This germ of irritation evolved into Bed Stuy Meadow, which happened April 11, 2009. I got two hundred and fifty people to give me either money or a promise of time, and even though the 11th was pouring rain, almost one hundred people turned up to sow wildflower seeds on every single square inch of untended land in Bed Stuy in Brooklyn, where I live. The seed sowing day was a great success: more than 90% of the territory got covered, and the volunteers were on fire. But if I thought I was getting away from the arrogance and grabbiness of making meaning, I would have been very disappointed. A lot of people were angry because they thought it was a white idea in a historically black neighborhood. Or that it was about newcomers in a neighborhood with a fiercely protective old guard. The press coverage focused overwhelmingly on gentrification. And at this writing, in mid June, with zero flowers on the scene because they seem to have been choked out by weeds, I am finding myself getting intimate with a whole new class of people that I've pissed off: disappointed volunteers who feel like they got soaked in April for nothing.
I am sitting here at the most vulnerable point of a selfish, impulsive, problematic and totally redeemable project that could really explode into exactly the kind of thing I want... if it gets enormous enough. I am wrestling with the fact that I wanted a simple Wildflower Love Gesture and got Race War and Real Estate Anger and Disappointed Volunteers, but I know that this is a function of misunderstanding the scope of what I wanted to do. It's not a manifest destiny thing, it's a call and response. And I am just getting the first responses back.
A quick list of what I have, and what the Meadow yielded:
1. I have the original grabby gesture: seeing all this available untended land, lying fallow behind busted chain link fences, my neighborhood's greatest liability, begging to be turned into its greatest asset.
2. And I have a big handful of new neighbor friends who have even more ideas than I have, and more real-world knowledge, and backgrounds that are, I must admit, a little more practical than mine.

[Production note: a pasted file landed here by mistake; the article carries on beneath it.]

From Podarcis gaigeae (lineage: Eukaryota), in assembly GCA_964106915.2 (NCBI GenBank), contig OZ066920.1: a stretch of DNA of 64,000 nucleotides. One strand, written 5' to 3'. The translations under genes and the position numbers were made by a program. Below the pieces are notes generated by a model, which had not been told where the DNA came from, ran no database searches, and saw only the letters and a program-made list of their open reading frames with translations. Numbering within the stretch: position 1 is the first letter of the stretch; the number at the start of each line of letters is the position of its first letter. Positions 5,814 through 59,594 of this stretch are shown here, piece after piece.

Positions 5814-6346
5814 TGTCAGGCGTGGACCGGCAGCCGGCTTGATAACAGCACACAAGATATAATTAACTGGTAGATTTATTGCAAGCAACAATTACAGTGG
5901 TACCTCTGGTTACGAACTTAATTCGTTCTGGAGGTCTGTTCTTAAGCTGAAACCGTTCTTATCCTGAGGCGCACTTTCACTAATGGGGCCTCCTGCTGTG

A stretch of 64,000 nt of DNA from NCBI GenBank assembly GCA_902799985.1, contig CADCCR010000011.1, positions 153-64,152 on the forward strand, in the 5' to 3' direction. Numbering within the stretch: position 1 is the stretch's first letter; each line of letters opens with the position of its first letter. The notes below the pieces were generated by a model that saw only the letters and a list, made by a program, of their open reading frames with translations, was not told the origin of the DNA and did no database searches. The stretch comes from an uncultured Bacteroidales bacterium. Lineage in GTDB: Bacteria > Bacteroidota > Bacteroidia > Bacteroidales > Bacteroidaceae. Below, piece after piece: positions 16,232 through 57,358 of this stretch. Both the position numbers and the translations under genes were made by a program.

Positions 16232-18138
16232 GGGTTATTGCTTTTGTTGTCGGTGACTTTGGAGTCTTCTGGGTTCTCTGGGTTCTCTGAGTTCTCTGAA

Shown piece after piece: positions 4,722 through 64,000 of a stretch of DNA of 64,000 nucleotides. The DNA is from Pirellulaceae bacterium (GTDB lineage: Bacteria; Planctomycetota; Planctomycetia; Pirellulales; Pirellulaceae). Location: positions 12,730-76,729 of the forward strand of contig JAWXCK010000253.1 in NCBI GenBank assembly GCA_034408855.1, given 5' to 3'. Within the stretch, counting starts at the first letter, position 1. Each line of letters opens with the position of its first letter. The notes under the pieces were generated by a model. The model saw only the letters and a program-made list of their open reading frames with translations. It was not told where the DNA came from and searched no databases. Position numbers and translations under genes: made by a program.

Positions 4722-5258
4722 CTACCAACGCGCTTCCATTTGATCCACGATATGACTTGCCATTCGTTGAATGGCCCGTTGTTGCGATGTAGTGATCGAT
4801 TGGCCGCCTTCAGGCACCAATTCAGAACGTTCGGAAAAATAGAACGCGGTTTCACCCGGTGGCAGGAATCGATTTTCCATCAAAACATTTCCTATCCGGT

3. I also have, at this point, a responsibility not to run away. My role here is to make meaning, and I already said that much of that work is a matter of follow through. Pulling back now would make the meaning of Bed Stuy Meadow something that I can't bear, like the perverted inverse of A Tree Grows In Brooklyn, or the same old things we already know about how frightening it is for white people like myself to be called racist.
In other words, I am in this up to my neck, and the stakes are much higher than they ever were when I was screwing tires together. Thankfully, I am working with a handful of folks to get to that net win that this project requires. We are talking about making an Urban Farm Syndicate that takes actual responsibility of as many vacant lots as possible instead of just casting seed, and uses them to feed and employ people and conduct large-scale urban farming research. Right now it's just talk. But it could evolve into a lot of dignified, living-wage jobs for local people; tasty local produce in a neighborhood formerly known as a food desert; beautiful trees and shrubs that sequester CO2 and provide shade in perpetuity; a venue for trying out new ways to remediate contaminated soil; a library of urban farming knowledge; a seed bank; a project that improves Bed Stuy by delivering value to all the people who live here: rich and poor, black and white, new and old.
The vision is grand, and even more grabby than the original idea, but much less dependent on one artist's work. I am in total freefall, with nothing to cling to but my belief that freefall is how the best creative work happens. I have never been happier or more frightened in my life.
More about Deb's project: